The Untold Truth Of Pfizer's CEO, Albert Bourla

"Today is a great day for science and humanity." Those words of hope were recently spoken by Dr. Albert Bourla, Chairman and CEO of Pfizer, the pharmaceutical giant that has been working to produce a vaccine to the coronavirus that causes COVID-19. The company said in a press release on Monday, November, 9, 2020, that preliminary results for its RNA-type vaccine in development revealed it was more than 90 percent effective in preventing infection by the virus. Although the company still has to collect more data proving the vaccine to be both safe and effective in order to apply for emergency FDA authorization, Bourla is encouraged by the results. "With today's news, we are a significant step closer to providing people around the world with a much-needed breakthrough to help bring an end to this global health crisis," he said. "We look forward to sharing additional efficacy and safety data generated from thousands of participants in the coming weeks."

Since billions of people are now considering being injected with something created by this man's company, many are wondering: Who is Albert Bourla, and what is his background? Will his revolutionary vaccine save the world, or is he just looking for publicity to send his company's stocks sky high? (As Business Insider reported, Pfizer's stock shot up 15 percent after the announcement.) So then, who is Dr. Albert Bourla?

Albert Bourla has been with Pfizer for nearly three decades

According to his official Pfizer bio, Dr. Bourla began his career at Pfizer in 1993. A Doctor of Veterinary Medicine with a Ph.D. in the Biotechnology of Reproduction, he began in the Animal Health Division in his native Greece. He held various positions involving animal health in countries across Europe and then moved to the Pfizer's Global Headquarters in New York in 2001. He continued to rise up in the company, taking leadership positions in marketing divisions and becoming responsible for more and more geographical regions, including Europe, the Middle East, Africa, and Asia. He assumed the role of Pfizer's Chief Operating Officer in January 2018, which made him responsible for the commercial strategy, manufacturing, and global product development of the company.

According to The Financial, Pfizer's then-CEO Ian Read called Bourla "a proven and trusted leader with over two decades of leadership experience and a demonstrated track record for delivering strong business results." Bourla definitely helped the company grow while in the various leadership roles he has assumed during his rise to the top. The company's Innovative Health business saw revenues grow by double digits under his leadership. He would even do so well in the gig that he would end up taking Read's job a year later. What everyone now wants to know is: What does Albert Bourla know about vaccines?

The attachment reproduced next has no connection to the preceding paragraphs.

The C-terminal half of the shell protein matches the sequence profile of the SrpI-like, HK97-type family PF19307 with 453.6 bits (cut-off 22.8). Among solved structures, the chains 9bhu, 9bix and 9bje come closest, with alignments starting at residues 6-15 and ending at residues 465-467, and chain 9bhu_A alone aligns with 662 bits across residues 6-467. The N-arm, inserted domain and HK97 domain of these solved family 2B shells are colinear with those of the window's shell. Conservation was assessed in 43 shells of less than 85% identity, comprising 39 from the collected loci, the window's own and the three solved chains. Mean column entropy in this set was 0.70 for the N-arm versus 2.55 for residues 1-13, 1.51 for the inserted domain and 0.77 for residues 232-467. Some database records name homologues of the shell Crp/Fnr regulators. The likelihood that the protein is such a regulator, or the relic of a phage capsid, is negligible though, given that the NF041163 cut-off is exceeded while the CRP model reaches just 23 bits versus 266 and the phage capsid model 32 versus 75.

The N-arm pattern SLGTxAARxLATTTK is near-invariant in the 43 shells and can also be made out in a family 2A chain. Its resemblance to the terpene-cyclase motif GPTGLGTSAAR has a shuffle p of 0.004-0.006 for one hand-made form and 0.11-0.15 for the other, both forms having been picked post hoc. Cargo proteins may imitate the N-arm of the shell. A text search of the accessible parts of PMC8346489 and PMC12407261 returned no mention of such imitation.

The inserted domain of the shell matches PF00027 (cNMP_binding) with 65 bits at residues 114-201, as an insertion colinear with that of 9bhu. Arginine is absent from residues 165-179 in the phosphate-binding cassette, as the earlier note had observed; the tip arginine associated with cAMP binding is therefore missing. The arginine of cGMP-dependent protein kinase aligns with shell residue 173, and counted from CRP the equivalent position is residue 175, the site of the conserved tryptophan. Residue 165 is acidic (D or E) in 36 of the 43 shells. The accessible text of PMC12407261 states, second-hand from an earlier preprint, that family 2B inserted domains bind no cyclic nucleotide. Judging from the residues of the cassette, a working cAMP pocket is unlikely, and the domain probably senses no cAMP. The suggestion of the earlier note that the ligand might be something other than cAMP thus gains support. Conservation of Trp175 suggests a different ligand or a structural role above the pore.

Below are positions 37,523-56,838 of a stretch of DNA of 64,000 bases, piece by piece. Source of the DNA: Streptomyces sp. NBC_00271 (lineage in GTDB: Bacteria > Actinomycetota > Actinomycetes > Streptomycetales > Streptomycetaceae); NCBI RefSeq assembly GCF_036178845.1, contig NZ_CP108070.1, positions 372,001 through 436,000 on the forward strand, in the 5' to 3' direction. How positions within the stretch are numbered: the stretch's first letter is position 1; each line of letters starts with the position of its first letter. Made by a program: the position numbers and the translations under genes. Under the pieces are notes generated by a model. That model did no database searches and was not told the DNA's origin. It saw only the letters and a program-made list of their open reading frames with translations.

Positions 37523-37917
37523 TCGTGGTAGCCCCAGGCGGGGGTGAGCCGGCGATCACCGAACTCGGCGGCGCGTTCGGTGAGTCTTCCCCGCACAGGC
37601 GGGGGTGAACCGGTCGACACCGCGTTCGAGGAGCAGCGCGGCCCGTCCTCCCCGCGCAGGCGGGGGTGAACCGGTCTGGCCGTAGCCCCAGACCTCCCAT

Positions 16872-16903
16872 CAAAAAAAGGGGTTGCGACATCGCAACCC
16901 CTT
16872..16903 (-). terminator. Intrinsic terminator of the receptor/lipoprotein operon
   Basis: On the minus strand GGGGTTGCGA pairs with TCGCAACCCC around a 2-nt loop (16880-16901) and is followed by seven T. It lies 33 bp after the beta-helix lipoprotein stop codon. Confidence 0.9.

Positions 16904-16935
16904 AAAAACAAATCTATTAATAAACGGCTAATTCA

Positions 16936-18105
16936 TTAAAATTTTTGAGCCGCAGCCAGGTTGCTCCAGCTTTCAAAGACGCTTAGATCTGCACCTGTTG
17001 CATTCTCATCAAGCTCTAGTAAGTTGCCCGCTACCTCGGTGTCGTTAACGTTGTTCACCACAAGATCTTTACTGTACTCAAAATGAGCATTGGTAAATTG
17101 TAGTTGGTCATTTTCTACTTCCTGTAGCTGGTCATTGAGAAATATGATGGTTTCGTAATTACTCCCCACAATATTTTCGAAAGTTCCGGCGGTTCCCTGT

Albert Bourla has been telling his researchers to think differently

Fortunately for all of us, part of Bourla's career trajectory includes working in Pfizer's vaccine division. His bio states that he served as Group President of the company's Global Vaccines, Oncology, and Consumer Healthcare business from 2014-2016, a position in which "he was instrumental in ... expanding the Company's leadership in Vaccines." This is good news for anyone wondering if he's had any experience in the inoculation department.

In May 2020, Forbes magazine wrote that Pfizer, with Bourla at the helm, "may be the best to deliver a vaccine by the fall." It said that Bourla was telling his researchers to "[t]hink in different terms" in order to get a vaccine out as quickly as possible out of fears of a resurgence come flu season. 

"He challenged the team to aim for a moon shot-like goal," said Pfizer's chief scientific officer, Mikael Dolsten, "to have millions of doses of vaccine in the hands of vulnerable populations before the end of the year." As it turns out, Monday's announcement could be the first glimpse of that goal becoming a reality. If the study continues to reveal that the vaccine is as safe and effective as it appears to be, millions of doses could be available by the end of the year. As The New York Times reported, however, independent scientists have called for the optimism to err on the side of caution. We've still a long way to go.